Keller ends his introduction by saying, "When we eat together, when we set out to do so deliberately, life is better, no matter your circumstances." This is a sentiment that is often expressed, and often sounds hollow. In Keller's capable hands, however, it is merely the truth. Ad Hoc contains recipes that are worthy of bringing people together: worthy because they honor the occasion or worthy because they are the occasion. This is food with gravitas.

—Paula Forbes

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  1. DLD

    How can one review a cookbook without actually cooking from it? I don't get it! I have heard people say this is the greatest cookbook ever. But they have yet to cook anything. I strength of a cookbook to me is based on the success of its recipes. Not because its a Thomas Keller book. I have the Bouchon cookbook and have cooked from it many times with great success. So many times that the cover is no longer attached. That is a great cookbook.

    I actually have this book, and this past weekend I made the chicken pot pie. The crust, which calls for 2 1/2 sticks for butter was excellent. The book tells you to let the pie rest for 10 min before cutting, but that was a mistake because all the sauce escaped. I think it needs to rest at least 30min to one hour. Otherwise, it was a good chicken pie. The jury is still out on this one.

    • Sabayon

      Chillax, dude, she never says she didn't make recipes.

    • Paula

      I did cook from this cookbook; I used the pork brine and made a few of the pantry items, as well as the fancy chicken soup mentioned. I clearly didn't cook everything, but I wouldn't claim that the food and recipes were fantastic unless I had evidence to back it up.

      I agree with you, I think many people do review cookbooks without testing them. Unlike you, I do think that's possible; for example, see my review of The Big Fat Duck Cookbook from last year, or even Helen's review of Coco earlier this week. Those cookbooks are written to give you an understanding of an individual chef's process, not necessarily instructions for recreating the dish. I would never review a cookbook that is clearly intended to be used by home cooks--highly skilled or otherwise--without testing several recipes.

      I'm sorry the recipe you tried didn't work out! Try the chicken soup, dude, it's amazing.

  2. This book is VERY accessible. Keller is quite transparent as well; good ingredients plus good technique yields good food. This book brings his exceptional techniques to the home cook in a way that The FL Cookbook and Bouchon cookbook were not intended. These are familiar flavors with the Keller twist. I will be cooking my way through this book should you want to see how the recipes pan out. and on Twitter @adhocathome

  3. simon

    I don't find FL or Bouchon to be difficult at all. Time consuming, detail oriented, labor intensive, yes. But totally doable. I use them all the time.

  4. Mike

    Keller has an amazing attention to detail. He doesn't mind sending a commis out in the garden at midnight with a small flashlight and sharp shears to trim herbs as this is when they are the most flavorful and robust. During the day, the heat makes them too tender. He doesn't mind discarding about a pound of mire poix used in a stew only to replace the exact same vegetables with similar ones but blanched in their own flavor and not cooked to unrecognizable near mush.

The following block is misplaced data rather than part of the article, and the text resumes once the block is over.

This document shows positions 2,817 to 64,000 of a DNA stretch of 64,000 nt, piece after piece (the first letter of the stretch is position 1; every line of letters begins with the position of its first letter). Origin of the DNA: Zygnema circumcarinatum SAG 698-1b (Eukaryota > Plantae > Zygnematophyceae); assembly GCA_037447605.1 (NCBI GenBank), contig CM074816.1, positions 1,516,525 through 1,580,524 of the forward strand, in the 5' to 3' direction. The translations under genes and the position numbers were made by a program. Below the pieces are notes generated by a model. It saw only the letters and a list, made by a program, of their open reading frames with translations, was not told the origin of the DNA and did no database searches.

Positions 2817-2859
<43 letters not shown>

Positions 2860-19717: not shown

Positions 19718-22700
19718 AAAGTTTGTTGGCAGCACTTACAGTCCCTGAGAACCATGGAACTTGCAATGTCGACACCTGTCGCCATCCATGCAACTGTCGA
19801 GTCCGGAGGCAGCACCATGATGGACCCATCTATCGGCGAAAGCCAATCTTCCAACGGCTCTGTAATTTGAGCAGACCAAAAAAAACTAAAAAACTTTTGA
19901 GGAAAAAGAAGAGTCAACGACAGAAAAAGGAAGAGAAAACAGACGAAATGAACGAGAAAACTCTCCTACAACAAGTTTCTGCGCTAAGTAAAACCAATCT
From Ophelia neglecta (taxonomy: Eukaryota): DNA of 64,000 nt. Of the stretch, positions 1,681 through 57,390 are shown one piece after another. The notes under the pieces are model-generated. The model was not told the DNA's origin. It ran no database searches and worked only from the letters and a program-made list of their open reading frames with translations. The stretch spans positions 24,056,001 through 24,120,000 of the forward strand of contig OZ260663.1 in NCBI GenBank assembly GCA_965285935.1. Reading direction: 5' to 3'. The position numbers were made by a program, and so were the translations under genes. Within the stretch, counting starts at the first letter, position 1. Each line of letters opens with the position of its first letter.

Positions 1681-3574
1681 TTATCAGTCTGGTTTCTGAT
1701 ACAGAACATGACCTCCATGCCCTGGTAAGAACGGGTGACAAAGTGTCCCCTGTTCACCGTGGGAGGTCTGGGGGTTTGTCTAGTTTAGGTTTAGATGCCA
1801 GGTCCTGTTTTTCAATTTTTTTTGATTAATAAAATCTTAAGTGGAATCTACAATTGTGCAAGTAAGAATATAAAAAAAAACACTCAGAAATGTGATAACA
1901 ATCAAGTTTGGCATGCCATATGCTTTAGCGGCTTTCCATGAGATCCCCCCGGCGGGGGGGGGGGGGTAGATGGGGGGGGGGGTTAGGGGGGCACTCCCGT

About the only difference that requires special training is..things will never go as planned and it takes a keen eye and a trained hand to know what is about to go wrong, why, and how to correct it.

    Ad Hoc will go on my list because the fact of the matter is, after nearly a decade of cooking lobster and as much time creating braises and stews, every time I work through a Keller recipe, even though it doesn't make sense at first, I eventually go "Oooooh, THATS why he did that!"

  5. Chris

    I have FL Cookbook and Bouchon ( I have Under Pressure - more out of curiosity) and have successfully cooked recipes in both although probably not to his TK exacting standards. I look forward to getting Ad Hoc at Home.

  6. There may be some false expectations built up around Ad Hoc at Home because of the name and our associations with the food. The name calls to mind improvised home-cooking, but this isn't really what it's about. Ad Hoc at Home is another Keller restaurant, and though the food traditional Americana, he demands much of the same rigor of his cooks that he would in any restaurant. I don't actually see much difference between Ad Hoc and Bouchon in aesthetic or difficulty. Both are dealing with rustic food from their respective countries. Both treat those foods with attention to detail that seems at times at odds with the casual nature of the food. The results can be wonderful, but also infuriating. I loved the chicken pot pie, and had no problem with the crust, but I was amused because I think of a pot pie as being a dish that should require only one or two pots. But rather than letting every flavor blend together, Keller insists on cooking each ingredient separately. I felt the same way about his beef bourguignon in Bouchon. I can respect it, even like it, but its not your mother's home cooking. . . unless your mother is a highly functioning OCD patient who has a live-in staff of dishwashers.

  7. I have both FL Cookbook and Under-Pressure. I have made many of the recipes with GREAT success from both books and recently prepared a complete entry using Sous Vide techniques for a progressive dinner. While the techniques are certainly not for the beginner home cook most dishes can be prepared with success depending on time, talent and ingredients availability. I am struggling with some of Thomas Keller molecular gastronomy techniques, like how to produce a Hayden Egg. Hopefully it will come together. I'm looking forward to buying Ad Hoc.